# What economic policy changes are needed to make Russia a 7- trillion $economy by 2035? [closed] What specific economic policy changes would you undertake, and how fast would Russia grow under your plan (GDP growth)? ## closed as off-topic by RonJohn, Frostfyre, sphennings, Aify, L.Dutch♦Mar 19 '18 at 6:57 • This question does not appear to be about worldbuilding, within the scope defined in the help center. If this question can be reworded to fit the rules in the help center, please edit the question. • I'm voting to close this question as off-topic because it belongs on Economics. – RonJohn Mar 18 '18 at 22:27 • Growing from USD1.5T to USD7.0T in 17 years requires 9.5% annual growth. That's a lot. – RonJohn Mar 18 '18 at 22:30 • Trotsky ousts Stalin in 1927 instead of the other way round. Anything after that is probably too late. – A. I. Breveleri Mar 19 '18 at 0:45 • To those voting to close. I doubt the economics site would accept questions that are speculative. Being a fit on another site DOES NOT make it off topic for world building. – James Mar 19 '18 at 17:26 ## 2 Answers I would start by pointing out that prior to invading Crimea, Russia's Gross Domestic Product was much higher than it is today. Its best year was 2013 with$2.23 trillion (United States dollars). It seems quite feasible that making a change that ended the responding sanctions would fix a lot of problems. In particular, just restoring the 2013 value would reduce the necessary growth to about 6.6% (from about 10.5% needed from the 2016 value).

Realize that the US will have inflation during that time. So while nominal GDP growth would be about 6.6%, real GDP growth might be only 4% (assuming inflation of about 2.5%). Real GDP growth of 4% happens in some years for the US. A sustained period of seventeen years is not out of the realm of possibility for a country that is behind the first world in production. Note that China's real GDP growth hasn't dropped below 4% since 1990.

Oil could help in the short term, but what Russia really needs is increased industrialization. They need to produce more with less labor in general.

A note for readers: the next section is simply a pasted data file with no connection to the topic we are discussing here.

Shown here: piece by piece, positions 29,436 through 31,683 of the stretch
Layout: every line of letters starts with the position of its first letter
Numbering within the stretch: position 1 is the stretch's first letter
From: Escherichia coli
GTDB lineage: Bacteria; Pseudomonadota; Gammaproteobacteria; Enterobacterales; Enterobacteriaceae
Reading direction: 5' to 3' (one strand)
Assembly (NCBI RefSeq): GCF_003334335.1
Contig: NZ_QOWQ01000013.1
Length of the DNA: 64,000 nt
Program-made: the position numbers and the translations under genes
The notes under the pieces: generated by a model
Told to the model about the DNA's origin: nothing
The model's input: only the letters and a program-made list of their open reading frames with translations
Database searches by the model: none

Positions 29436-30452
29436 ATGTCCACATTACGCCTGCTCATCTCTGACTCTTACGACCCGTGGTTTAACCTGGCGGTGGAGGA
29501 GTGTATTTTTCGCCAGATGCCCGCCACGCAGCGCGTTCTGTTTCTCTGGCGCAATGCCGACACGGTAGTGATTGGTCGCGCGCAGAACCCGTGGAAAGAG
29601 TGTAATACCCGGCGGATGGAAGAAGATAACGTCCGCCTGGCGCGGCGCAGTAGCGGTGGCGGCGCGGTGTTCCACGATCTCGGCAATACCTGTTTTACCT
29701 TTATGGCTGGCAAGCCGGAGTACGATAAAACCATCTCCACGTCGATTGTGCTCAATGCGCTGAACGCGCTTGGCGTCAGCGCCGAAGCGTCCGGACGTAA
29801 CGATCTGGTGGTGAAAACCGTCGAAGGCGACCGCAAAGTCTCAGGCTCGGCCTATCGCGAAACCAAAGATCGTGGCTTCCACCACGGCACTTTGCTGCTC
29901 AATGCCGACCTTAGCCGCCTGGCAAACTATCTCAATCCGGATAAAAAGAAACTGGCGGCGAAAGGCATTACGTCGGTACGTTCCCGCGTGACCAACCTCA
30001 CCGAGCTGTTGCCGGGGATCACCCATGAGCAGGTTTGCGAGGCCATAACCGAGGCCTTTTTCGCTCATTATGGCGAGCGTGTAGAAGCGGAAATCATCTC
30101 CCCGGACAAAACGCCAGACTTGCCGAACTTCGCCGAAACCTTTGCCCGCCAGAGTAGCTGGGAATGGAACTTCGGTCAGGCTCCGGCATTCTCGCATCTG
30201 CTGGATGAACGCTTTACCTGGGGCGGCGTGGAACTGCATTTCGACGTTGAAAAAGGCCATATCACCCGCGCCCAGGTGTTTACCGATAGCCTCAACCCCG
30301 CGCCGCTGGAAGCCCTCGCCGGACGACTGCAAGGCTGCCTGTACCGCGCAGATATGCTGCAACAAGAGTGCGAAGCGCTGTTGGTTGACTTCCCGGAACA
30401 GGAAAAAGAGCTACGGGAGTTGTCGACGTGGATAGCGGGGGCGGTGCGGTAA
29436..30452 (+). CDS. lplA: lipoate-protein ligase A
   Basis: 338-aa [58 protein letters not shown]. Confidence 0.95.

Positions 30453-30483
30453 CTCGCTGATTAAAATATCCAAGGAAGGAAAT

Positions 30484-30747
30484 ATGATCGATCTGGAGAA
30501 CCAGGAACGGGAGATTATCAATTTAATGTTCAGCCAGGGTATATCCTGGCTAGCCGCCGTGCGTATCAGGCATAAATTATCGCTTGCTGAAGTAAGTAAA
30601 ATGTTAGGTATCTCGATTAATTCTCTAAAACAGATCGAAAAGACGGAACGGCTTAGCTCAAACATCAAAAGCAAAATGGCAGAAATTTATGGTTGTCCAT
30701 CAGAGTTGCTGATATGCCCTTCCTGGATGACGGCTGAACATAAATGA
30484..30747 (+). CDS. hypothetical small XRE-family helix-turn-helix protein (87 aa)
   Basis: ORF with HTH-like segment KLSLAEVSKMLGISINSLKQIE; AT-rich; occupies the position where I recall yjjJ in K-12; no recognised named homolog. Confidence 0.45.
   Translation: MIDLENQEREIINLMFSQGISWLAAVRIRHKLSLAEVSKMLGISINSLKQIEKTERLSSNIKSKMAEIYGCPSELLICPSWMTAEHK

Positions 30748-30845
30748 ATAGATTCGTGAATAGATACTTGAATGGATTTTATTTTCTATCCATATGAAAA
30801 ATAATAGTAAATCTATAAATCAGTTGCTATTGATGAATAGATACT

You could also increase their GDP by adding population. Assuming the GDP per capita stayed the same, a 1% increase in population would cause a 1% increase in GDP. A 4% increase in population would give the 4% increase required. Or mix and match. A 2% increase in population would allow a 2% increase in per capita GDP to create a 4% increase in GDP.

The growth formula is

$$(1 + r)^t = \frac{\text{GDP}_\text{desired}}{\text{GDP}_\text{current}}$$

or

$$r = e^\frac{\ln\frac{\text{GDP}_\text{desired}}{\text{GDP}_\text{current}}}{t} - 1$$

You can substitute 10 for $e$ and common log for the natural log if that's easier. Remember to switch both at once if you do that. The base of the log needs to match the base of the power.

$r$ is the growth rate needed, represented as a decimal
$t$ is the number of time periods (17 years for annual growth rate from 2018 to 2035 in this example)
Hopefully desired (\$7 billion in this example) and current are clear. I used \$2.23 trillion as current here under the assumption that sanctions would end. I used $1.2832 trillion (2016 GDP) to calculate the growth rate without that. Example scenario: Donald Trump and Vladimir Putin negotiate a deal. Putin's Russia will take over Syria, Kurdistan (minus the Turkish parts), and Iran. Russia will crack down on sponsorship of terrorist activity. Putin will get two warm water ocean ports (Syria and Iran). In return, Russia will withdraw from Crimea and support the West in subduing the rebels in eastern Ukraine. Europe and the US will drop the sanctions and provide some backchannel economic assistance. Perhaps some European manufacturers will be encouraged to open factories in Russia. I am having some difficulty envisioning a scenario that does not start with the end of sanctions that leads to sufficient growth. It's not impossible, but it's not trivial either. It would require a heavy investment in industrialization and possibly some improvements in general governance (less corruption and better regulation). • Very fine! Glad to see you combined political & economic factors. A major crack-down on corruption could channel wealth into more profitable sectors (if their luck holds). Not investing in defence, which generally isn't productive. Investment in health as well as industry. Economic questions usually don't get good answers. Yours is the exception. Plus one. – a4android Mar 19 '18 at 4:10 • Russia will withdraw from Crimea Not a snowballs chance in Hell. Would burn the Russian soul to do it. A political non-starter for Russians, I think. – StephenG Mar 19 '18 at 16:27 Oil is the thing that first comes to mind, as Russia was badly hit by the drop in oil price. Thus, a sustained oil price boom would boost the economy. • Quintupling the GDP would require a lot of oil, so no, that wouldn't work. – RonJohn Mar 19 '18 at 0:16 • @RonJohn Wouldn't work? Sounds comparable to the OPEC oil crisis of the 1970s when oil prices went through the roof. Would it happen again? Probably, not. History only repeats as farce. – a4android Mar 19 '18 at 3:04 • @a4android If Russia's complete GDP was in oil+gas exports, then the price of oil would have to go up to$310/barrel. – RonJohn Mar 19 '18 at 3:38
• @RonJohn Sure thing. To grow any economy takes more than price rises in one or two commodities. The whole economy would need to be boosted. – a4android Mar 19 '18 at 4:03
• @a4android but Russia is a kleptocracy with an alcoholic population in an anti-reproductive death spiral. – RonJohn Mar 19 '18 at 4:31